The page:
With supplies of food and medicine in the blockaded region running low, the EU, Turkey, Russia, and Iran are deadlocked on what to do next.
NAGORNO-KARABAKH — A group of Armenian soldiers in heavy winter jackets stand idly around the first checkpoint on the road into Nagorno-Karabakh, some smoking, some eyeing the mountains behind them where they say Azerbaijani troops have set up firing positions.
For three decades, this highway has been the only route in or out of the breakaway region — inside Azerbaijan’s internationally recognized borders but held since the fall of the Soviet Union by its ethnic Armenian majority.
But now, the regular traffic of cargo supply trucks, buses and banged-up old Ladas laden down with luggage has ground to a halt, and the guards on duty watch on as convoy after convoy of Russian peacekeepers and the occasional Red Cross mission rumble past.
For the past month, the so-called Lachin corridor that links Nagorno-Karabakh to Armenia has been closed off, leaving as many as 100,000 people living there under effective blockade, with supplies of food, medicines and other essentials running low.
“Over the last two days, I’ve barely been able to find anything to eat in the shops,” said Marut Vanyan, a 39-year-old blogger living in the region’s de facto capital, Stepanakert.
“First it was vegetables and fresh fruit that disappeared. Now, there’s only alcohol left on the shelves and not much else. In the mornings, some milk and yogurt comes in from local farms, but it goes very fast,” he told POLITICO.
“Online, all anybody is talking about is where to buy medicine or a sack of potatoes. In the countryside, people have cows and chickens — but half of the population lives in the capital city, and things are very hard here.”
This isn’t the first conflict to play out over Nagorno-Karabakh, a region of the South Caucasus long mired in an ethnic and territorial dispute between Armenia and Azerbaijan.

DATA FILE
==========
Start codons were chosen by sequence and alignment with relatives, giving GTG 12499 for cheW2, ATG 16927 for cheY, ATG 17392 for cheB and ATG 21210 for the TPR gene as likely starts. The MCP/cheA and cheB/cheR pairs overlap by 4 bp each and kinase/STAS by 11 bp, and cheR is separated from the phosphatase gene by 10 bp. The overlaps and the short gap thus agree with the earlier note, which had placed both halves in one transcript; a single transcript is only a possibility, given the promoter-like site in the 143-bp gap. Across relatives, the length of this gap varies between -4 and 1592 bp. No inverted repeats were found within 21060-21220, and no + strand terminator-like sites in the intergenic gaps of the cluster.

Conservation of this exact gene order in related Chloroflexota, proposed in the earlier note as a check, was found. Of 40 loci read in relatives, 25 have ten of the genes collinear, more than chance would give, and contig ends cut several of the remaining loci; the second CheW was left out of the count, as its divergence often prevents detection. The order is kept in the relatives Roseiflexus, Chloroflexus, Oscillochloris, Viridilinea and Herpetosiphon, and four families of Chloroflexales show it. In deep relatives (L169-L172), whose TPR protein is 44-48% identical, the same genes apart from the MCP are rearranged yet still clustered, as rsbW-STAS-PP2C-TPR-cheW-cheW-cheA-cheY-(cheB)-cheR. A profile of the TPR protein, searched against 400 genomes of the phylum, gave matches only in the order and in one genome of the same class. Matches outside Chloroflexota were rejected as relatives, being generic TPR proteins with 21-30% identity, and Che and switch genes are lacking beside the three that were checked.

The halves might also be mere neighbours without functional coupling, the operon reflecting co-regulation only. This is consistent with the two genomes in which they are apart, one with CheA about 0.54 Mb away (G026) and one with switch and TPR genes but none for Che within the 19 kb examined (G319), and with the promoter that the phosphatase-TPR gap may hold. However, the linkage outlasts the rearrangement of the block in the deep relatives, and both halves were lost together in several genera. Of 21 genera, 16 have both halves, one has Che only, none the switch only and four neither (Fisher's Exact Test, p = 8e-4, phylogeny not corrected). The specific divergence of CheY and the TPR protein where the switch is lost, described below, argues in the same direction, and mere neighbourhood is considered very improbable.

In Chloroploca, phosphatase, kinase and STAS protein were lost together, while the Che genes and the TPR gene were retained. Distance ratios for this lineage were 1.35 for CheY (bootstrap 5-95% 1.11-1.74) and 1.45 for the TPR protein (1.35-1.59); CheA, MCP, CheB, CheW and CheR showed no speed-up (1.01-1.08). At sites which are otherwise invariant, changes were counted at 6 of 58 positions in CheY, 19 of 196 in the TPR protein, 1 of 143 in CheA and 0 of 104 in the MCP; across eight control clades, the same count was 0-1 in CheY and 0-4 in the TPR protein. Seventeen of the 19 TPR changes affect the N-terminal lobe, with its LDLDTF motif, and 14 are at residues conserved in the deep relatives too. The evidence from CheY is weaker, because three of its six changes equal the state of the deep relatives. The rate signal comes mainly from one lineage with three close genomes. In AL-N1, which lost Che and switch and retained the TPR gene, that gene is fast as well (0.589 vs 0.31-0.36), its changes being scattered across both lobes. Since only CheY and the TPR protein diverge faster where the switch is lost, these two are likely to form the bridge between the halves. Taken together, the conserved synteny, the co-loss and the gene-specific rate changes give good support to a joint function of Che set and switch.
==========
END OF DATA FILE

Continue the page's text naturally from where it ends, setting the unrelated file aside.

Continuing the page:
In the 1990s as the USSR collapsed, Armenian forces moved to take control of areas inhabited by ethnic Armenians in the neighboring Soviet Republic, fighting bloody battles with Azerbaijani troops over land that both sides consider their ancestral soil.
Hundreds of thousands of ethnic Azeris who lived alongside them were displaced or killed, and the region was governed for nearly 30 years as the unrecognized Republic of Artsakh, sealed off behind defensive lines and accessible through only one mountain road from Armenia.
That all changed in 2020, when Azerbaijani tanks and soldiers rolled across the mine-strewn frontier, taking back swathes of territory and leaving the Karabakh Armenians in control of only Stepanakert along with some surrounding towns and villages.
Buoyed by massive oil and gas revenues and supplied with advanced hardware from its ally Turkey, forces in the Azerbaijan capital Baku quickly overwhelmed Armenia’s poorly equipped conscripts.
A Kremlin-brokered cease-fire saw 1,500 Russian peacekeepers deployed to act as a buffer and oversee the Lachin corridor, now a vital lifeline for the Karabakh Armenians flanked on both sides by Azerbaijani-held positions.
But now, it seems the Russian peacekeepers are unable or unwilling to keep the corridor open. On December 12, a group of self-described Azerbaijani environmental protesters, most with no apparent record of eco-activism, pushed past the wire fencing and set up camp on the highway as Moscow’s military contingent watched on.
According to Tom de Waal, a senior fellow at Carnegie Europe and author of several books on the conflict, the demonstrators had “evidently been sent there by the government in Baku,” likening them to the “little green men” Russia dispatched to occupy Crimea in 2014, all the while denying it had invaded.
Azerbaijan maintains that the protests are not hampering the use of the road, with officials claiming that talk of a blockade is “fake news.” Government spokespeople and state media have variously claimed the Lachin corridor is open for traffic, was closed by the Russians or is being blocked by Karabakh Armenians themselves.
Yet simultaneously, they accuse the Armenian side of transporting gold from illegal mines that pollute the environment in Nagorno-Karabakh over the highway for export, as well as using it to bring in military hardware such as landmines.
“We will be here for as long as it takes until our demands are met,” said Adnan Huseyn, one of those participating in the eco-protest blocking the corridor. He insisted that his group is moving aside for the Russian peacekeepers and for humanitarian relief provided by the Red Cross.
Officials in Stepanakert, however, point out that 400 tons of food and medicine used to arrive in Artsakh from Armenia every day. “It is unreasonable to think that one or two cars of medicine can solve the problem of the humanitarian crisis.”
What is clear from on the ground at the Tegh checkpoint in Armenia is that most supplies simply aren’t getting through, and Armenia’s Foreign Ministry is warning that the risk of famine in the thinly populated mountainous region is now “tangible.”
With the humanitarian situation deteriorating rapidly, a group of more than a dozen nongovernmental organizations, including Genocide Watch, have issued a warning that all conditions for ethnic cleansing are now in place.